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Big or small, breasts get a lot of attention online. But research from Pornhub suggests that natural boobs are more likely to get people going than implants. We explore the science behind why people are loving natural breasts.

The study from Pornhub – the world’s most visited pornography site – found searches for  ‘natural’ breasts are around five times more popular than those for fake ones. It also revealed that boob-related searches account for a mere 1.5% of all queries made on the site each day. As the body positivity and gender equality movements gain more support, people’s ideas of what is sexy are diversifying.

There’s a growing appreciation for boobs of all shapes and sizes; Pornhub’s research found that, in the past year, the number of searches for small breasts has grown, while those for large boobs have started to dip. And there’s a generational split when it comes to interest in busts – those aged 18-24 are 19% less likely to target tits in their porn searches than other groups, while 55- to 64-year-olds are 17% more likely to include breasts in their searches.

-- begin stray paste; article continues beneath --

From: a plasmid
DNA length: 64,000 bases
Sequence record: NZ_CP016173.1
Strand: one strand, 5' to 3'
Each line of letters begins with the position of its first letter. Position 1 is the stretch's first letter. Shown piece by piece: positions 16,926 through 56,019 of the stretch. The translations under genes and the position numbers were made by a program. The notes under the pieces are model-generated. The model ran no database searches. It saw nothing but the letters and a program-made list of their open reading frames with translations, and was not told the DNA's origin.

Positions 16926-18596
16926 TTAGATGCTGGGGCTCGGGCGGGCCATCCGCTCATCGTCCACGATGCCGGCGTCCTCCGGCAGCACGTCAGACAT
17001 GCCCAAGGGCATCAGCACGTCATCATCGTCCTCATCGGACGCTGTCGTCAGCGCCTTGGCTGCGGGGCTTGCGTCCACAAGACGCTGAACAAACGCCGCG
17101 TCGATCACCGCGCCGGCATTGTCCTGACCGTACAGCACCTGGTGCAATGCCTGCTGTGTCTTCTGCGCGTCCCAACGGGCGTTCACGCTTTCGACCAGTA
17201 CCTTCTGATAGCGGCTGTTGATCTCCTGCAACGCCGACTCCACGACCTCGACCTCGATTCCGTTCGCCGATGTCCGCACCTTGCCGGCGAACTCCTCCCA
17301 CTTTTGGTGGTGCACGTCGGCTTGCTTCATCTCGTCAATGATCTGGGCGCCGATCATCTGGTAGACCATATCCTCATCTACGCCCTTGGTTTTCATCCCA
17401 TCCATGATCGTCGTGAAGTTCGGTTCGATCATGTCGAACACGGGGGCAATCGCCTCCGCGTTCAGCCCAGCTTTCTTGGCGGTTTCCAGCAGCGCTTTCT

Natural is best when it comes to breasts Natural is best when it comes to breasts
Freestocks.org (2017) ©

The changes in porn searches reflect a shift towards body positivity and more inclusive attitudes around attractiveness – something the 2.7 million #bodypositive Instagram posts are a testament to. These movements, combined with the fact that 94% of women believe portraying females as sex symbols in adverts is harmful, can spell bad news for brands that trade on ‘traditional’ ideas of sexy.

For example, ‘breastaurant’ Hooters, which features scantily clad waitresses in low cut tops, saw US locations drop 7% from 2012 to 2016. In response, it has launched more casual eateries, featuring fully-clothed staff of both genders. And such moves help brands find new life – when Playboy dropped nude photos from its pages, it saw newsstand sales jump 28% in six months.

Rebecca Smith is a behavioural analyst at Canvas8, which specialises in behavioural insights and consumer research. She’s previously worked on schemes promoting the open discussion of mental health issues among young people.

Canvas8

23 Aug 17
2 min read

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